Because our tickets here were bought through a university travel agency, we receive frequent “International SOS” travel notices. These alerts read as though written from a nearby planet rather similar to our own, only, say, with air containing some other element instead of oxygen. They are oddly accurate – even using terms such as “disillusionment” and such phrases as “perceptions of Mubarak-style authoritarianism by the military rulers” and yet impossible to map onto any world we recognize, perhaps from an exaggerated effort to be objective: “Fattah [not Abdel Fattah for some reason] has been detained on charges of inciting sectarian unrest” or “this is despite the SCAF’s recent concessions to protesters.” The other surreal thing that’s hard for me to convey here is the flatness of perspective, the lack of proportion. Major and minor incidents are reported in almost the same tone, as though what interested me was basically their effect on traffic. Whereas we could be witnessing the “second wave” of the revolution that several of my friends have long been predicting.
Imagine the effect these notices would have on a businessperson who doesn’t know this country well, doesn’t understand Cairo geography, who perhaps doesn’t have great news sources and is traveling to Egypt for the first time on some random business trip or other? What the hell do they mean, “Normal travel can continue,” when all they are doing is scaring people?
We received a couple of them yesterday and so far two today. The security concerns aren’t crazy: Last night I gave a lecture at Cairo University, halfway across town from Tahrir Square where the current violence is localized; it went beautifully (thanks to the presence of theatre director Hani Afifi and his lead actor Mohamed Fahim) but was attended only by those, mainly English dept faculty, who really felt they had to be there — there were plenty of students around earlier in the afternoon, but they seemed to have hurried home to their parents rather than stick around after dark for a 5pm talk. But the cumulative effect of these emails, arriving every few hours now, is pretty surreal.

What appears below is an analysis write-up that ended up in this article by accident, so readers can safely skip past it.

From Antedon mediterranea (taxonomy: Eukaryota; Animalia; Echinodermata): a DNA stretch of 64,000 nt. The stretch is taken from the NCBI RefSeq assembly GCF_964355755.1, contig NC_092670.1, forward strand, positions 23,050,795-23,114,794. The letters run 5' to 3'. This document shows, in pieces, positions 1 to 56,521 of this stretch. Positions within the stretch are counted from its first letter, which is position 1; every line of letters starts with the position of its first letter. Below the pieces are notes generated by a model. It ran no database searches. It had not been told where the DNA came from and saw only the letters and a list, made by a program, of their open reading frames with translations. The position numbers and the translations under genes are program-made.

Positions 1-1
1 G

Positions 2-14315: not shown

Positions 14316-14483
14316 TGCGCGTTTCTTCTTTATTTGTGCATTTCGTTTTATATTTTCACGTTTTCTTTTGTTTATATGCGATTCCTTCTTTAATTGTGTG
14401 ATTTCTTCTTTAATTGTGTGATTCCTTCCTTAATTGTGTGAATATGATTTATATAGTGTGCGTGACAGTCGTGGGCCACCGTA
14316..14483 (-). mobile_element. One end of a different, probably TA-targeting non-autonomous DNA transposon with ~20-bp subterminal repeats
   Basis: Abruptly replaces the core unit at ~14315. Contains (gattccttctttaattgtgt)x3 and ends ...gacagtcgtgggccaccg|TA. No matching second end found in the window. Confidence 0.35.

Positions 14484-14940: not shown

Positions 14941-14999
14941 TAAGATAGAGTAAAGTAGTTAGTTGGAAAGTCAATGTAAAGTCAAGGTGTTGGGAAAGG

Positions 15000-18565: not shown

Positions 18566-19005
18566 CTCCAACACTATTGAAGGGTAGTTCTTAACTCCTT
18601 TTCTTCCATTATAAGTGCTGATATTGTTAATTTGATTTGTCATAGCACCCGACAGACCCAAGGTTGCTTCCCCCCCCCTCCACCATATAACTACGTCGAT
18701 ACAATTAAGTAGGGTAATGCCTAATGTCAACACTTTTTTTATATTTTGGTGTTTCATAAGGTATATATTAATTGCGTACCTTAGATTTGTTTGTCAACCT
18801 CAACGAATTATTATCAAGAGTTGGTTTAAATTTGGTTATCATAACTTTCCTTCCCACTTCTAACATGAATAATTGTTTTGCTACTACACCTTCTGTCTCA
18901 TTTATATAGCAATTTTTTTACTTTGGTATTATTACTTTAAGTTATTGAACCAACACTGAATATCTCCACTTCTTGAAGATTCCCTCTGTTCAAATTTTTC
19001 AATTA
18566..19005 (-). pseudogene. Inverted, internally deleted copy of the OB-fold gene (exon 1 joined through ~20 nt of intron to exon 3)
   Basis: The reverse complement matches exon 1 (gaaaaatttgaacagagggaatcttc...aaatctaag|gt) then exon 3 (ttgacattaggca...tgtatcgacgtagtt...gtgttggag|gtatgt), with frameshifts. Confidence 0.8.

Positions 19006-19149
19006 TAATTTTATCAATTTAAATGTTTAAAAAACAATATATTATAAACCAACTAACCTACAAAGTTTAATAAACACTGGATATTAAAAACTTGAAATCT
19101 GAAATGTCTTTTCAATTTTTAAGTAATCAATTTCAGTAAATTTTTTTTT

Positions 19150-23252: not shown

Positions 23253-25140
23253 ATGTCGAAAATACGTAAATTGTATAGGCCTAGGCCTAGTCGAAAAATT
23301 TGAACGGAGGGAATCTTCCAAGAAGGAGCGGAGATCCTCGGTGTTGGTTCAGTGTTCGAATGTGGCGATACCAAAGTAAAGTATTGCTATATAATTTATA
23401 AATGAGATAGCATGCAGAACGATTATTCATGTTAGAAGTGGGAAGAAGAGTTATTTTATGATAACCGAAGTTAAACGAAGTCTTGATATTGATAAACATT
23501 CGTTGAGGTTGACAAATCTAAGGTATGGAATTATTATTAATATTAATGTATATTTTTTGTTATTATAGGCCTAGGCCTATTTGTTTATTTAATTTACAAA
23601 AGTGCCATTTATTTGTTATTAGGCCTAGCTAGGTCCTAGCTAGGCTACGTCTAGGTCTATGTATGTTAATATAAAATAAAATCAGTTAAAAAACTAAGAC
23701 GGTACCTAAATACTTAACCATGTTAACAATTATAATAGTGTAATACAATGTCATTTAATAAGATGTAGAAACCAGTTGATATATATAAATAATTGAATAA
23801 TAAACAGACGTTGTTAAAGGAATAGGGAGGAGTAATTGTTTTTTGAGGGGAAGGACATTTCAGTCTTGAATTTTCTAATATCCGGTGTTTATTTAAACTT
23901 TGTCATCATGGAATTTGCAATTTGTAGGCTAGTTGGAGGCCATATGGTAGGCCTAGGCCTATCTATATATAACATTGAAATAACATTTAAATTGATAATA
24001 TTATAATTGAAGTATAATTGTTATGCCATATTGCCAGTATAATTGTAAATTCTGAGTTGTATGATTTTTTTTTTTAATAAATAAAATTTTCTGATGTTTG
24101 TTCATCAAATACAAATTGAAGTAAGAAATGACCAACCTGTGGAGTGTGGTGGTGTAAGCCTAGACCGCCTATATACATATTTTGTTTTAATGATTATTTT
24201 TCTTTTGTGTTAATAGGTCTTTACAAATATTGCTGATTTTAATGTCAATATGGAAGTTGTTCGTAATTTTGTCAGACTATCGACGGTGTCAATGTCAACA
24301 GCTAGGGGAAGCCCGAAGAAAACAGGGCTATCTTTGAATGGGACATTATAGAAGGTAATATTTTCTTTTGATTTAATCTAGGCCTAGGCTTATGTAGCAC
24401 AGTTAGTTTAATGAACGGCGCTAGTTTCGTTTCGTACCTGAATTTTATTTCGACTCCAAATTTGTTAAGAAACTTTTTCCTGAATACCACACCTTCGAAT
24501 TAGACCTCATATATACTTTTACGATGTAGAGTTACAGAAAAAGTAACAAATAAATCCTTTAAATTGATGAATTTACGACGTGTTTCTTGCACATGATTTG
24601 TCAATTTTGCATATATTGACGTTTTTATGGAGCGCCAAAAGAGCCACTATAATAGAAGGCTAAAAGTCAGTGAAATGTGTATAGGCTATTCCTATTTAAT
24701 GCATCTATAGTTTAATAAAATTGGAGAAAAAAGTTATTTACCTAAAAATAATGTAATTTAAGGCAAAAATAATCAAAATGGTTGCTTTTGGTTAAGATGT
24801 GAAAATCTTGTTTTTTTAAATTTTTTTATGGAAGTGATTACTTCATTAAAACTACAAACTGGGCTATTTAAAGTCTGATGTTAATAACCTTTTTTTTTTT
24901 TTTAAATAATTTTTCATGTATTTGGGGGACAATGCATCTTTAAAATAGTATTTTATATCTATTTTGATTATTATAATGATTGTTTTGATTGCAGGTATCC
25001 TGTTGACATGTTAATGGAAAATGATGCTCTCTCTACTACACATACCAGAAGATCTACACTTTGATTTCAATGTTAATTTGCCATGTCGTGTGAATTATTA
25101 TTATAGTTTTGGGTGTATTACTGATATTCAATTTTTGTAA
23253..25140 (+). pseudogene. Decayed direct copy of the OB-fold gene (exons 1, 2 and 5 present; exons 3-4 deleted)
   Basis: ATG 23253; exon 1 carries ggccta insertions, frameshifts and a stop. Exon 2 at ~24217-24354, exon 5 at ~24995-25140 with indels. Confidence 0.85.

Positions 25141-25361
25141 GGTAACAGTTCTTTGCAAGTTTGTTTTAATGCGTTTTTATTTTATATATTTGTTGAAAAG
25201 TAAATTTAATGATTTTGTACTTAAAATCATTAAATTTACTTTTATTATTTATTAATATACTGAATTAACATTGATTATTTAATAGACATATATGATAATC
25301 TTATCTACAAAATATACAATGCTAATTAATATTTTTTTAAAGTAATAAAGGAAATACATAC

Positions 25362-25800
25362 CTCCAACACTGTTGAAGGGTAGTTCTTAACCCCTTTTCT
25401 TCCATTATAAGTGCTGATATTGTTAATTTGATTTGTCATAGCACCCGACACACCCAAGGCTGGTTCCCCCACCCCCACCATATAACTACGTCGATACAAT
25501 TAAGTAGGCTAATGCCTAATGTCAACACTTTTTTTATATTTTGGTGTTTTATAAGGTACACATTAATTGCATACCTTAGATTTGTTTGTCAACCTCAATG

Without further comment, I reproduce the travel notice here.
Medical Alerts and Travel Security Online
Egypt: Situation remains tense as police clash with protesters in Cairo, Alexandria, Suez
Clashes overnight on 19-20 November continued between the security forces and pro-democracy activists in several urban centres around the country, particularly the capital Cairo, Alexandria (Alexandria governorate) and Suez (Suez governorate); at least two people have reportedly been killed and more than 675 others injured in the unrest, in which security personnel used batons, tear gas and rubber bullets to disperse participants. Reports indicate that related protests also took place in the cities of Damietta (Damietta governorate), Ismailia (Ismailia governorate), Mahalla (Gharbia governorate) and Mansoura (Dakahlia governorate).
The unrest in the capital occurred on Mohamed Mahmoud Street, near the interior ministry building, and in the vicinity of the central Tahrir Square. Unconfirmed reports indicate that demonstrators have erected barricades around Tahrir Square and reoccupied the area after the security forces dispersed encamped activists from the site earlier on 19 November. In Alexandria, several thousand protesters staged a march to the security directorate building. In Suez, demonstrators reportedly engaged in vandalism and marched to a police station before being dispersed by the security forces.